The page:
A divided Equal Employment Opportunity Commission (EEOC) finalized its updated guidance on religious discrimination in the workplace under Title VII of the Civil Rights Act of 1964. On January 15, 2021, the EEOC voted 3-2 to approve the updated guidance to its Compliance Manual on Religious Discrimination. The update modifies the prior guidance issued on July 22, 2008. While EEOC guidance documents do not have the force of law and do not create any binding obligations on the public, they offer helpful insight on the EEOC’s interpretation of existing laws.
In a statement announcing the approval of the updated guidance, the EEOC noted that the 2008 version “[did] not reflect recent legal developments and emerging issues” or the “altered legal landscape” created by U.S. Supreme Court decisions over the last several years. The updated guidance addresses important changes on topics such as religious harassment, workplace accommodation of religious beliefs and practices, and the legal protections available to religious employers.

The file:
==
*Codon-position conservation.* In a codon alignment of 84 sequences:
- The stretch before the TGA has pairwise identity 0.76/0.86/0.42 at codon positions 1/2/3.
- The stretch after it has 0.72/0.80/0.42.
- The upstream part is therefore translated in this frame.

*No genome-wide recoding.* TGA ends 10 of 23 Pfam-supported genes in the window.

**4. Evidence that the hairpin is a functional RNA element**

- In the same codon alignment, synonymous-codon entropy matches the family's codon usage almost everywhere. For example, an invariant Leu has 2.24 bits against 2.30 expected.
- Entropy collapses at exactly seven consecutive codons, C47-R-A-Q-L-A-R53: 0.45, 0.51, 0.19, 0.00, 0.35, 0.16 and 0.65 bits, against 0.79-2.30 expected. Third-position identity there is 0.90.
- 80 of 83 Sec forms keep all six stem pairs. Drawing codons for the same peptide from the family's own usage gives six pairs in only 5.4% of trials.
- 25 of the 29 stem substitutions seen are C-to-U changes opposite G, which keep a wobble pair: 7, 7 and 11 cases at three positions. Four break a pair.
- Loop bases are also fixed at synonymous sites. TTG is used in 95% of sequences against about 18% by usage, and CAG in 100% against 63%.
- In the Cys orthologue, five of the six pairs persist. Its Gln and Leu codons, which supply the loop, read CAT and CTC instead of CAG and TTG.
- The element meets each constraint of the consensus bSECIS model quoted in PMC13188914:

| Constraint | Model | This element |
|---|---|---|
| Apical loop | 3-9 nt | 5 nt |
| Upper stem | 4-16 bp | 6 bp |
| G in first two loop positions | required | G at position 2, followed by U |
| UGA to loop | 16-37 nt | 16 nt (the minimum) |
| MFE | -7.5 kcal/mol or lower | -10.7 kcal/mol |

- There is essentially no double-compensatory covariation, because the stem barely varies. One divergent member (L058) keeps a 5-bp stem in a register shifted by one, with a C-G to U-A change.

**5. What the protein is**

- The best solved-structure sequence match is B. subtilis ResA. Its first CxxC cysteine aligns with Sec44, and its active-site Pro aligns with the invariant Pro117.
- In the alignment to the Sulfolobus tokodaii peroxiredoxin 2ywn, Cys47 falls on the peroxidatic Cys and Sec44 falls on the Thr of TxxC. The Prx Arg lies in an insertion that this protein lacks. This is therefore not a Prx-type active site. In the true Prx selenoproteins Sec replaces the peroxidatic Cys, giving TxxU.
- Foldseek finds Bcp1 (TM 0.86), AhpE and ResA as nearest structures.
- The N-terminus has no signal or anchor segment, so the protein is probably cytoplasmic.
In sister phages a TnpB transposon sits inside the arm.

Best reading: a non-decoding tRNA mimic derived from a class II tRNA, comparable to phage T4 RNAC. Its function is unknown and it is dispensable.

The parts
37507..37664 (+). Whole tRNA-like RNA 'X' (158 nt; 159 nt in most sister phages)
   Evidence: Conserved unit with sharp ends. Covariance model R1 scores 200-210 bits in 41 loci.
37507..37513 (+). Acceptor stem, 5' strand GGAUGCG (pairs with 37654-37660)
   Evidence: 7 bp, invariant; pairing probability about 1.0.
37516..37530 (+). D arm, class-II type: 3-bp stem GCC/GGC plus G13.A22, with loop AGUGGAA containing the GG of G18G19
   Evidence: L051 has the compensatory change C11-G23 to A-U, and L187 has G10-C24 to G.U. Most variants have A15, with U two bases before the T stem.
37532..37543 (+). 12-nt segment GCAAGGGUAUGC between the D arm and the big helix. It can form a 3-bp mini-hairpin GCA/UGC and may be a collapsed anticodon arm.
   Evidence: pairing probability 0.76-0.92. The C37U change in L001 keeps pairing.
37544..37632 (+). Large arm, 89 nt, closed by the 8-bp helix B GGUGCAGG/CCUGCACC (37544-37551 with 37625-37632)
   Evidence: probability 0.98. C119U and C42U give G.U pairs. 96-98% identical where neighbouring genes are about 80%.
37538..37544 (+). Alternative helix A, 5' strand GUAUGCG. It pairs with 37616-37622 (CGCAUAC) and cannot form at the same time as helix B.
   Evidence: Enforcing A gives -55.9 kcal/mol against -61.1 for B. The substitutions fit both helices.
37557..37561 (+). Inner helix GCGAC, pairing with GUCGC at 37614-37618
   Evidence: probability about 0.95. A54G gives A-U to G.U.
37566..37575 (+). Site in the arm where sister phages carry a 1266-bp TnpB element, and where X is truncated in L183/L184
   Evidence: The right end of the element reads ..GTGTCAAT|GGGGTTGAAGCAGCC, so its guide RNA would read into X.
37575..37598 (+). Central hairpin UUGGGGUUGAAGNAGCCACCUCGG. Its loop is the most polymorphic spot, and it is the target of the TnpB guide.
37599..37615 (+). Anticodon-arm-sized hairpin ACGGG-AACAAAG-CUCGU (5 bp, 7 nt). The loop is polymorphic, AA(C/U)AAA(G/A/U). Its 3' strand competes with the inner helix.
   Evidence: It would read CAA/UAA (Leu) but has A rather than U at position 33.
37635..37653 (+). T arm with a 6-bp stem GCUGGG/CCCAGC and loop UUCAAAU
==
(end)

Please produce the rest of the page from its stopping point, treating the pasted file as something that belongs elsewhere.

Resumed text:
Among other things, the updated guidance:
- Reiterates the broad definition of “religion”, which encompasses both traditional, organized religions and also new, uncommon religious beliefs such as those held by only a small number of people and those without the presence of a deity.
- Reiterates an employer’s obligation, absent undue hardship, to provide reasonable accommodation to employees with “sincerely held” religious beliefs.
- Clarifies the definition and interpretation of “undue hardship” under Title VII, which differs from the use of the phrase in the Americans with Disabilities Act (ADA).
- Recommends that employers confer with employees to discuss accommodation requests, as the failure to do so, while not an independent violation of Title VII, may result in other adverse legal consequences.
- Clarifies the exemption for religious organizations who may restrict employment opportunities to individuals who practice a particular religion or maintain certain core values, even for positions that do not involve the performance of religious functions.
Notwithstanding the issuance of this new guidance, it is not clear whether appointees to the EEOC by the new Biden Administration will impact the continued viability of the guidance. For the time being, however, employers should consider the guidance as reflective of the EEOC’s current stance and should ensure that their policies address religious discrimination and accommodation and outline the procedures for reporting, investigating, and responding to claims of religious discrimination and/or harassment. Additionally, employers should offer training to managers and supervisors on how to recognize and respond to religious accommodation requests and reports of religious harassment and discrimination.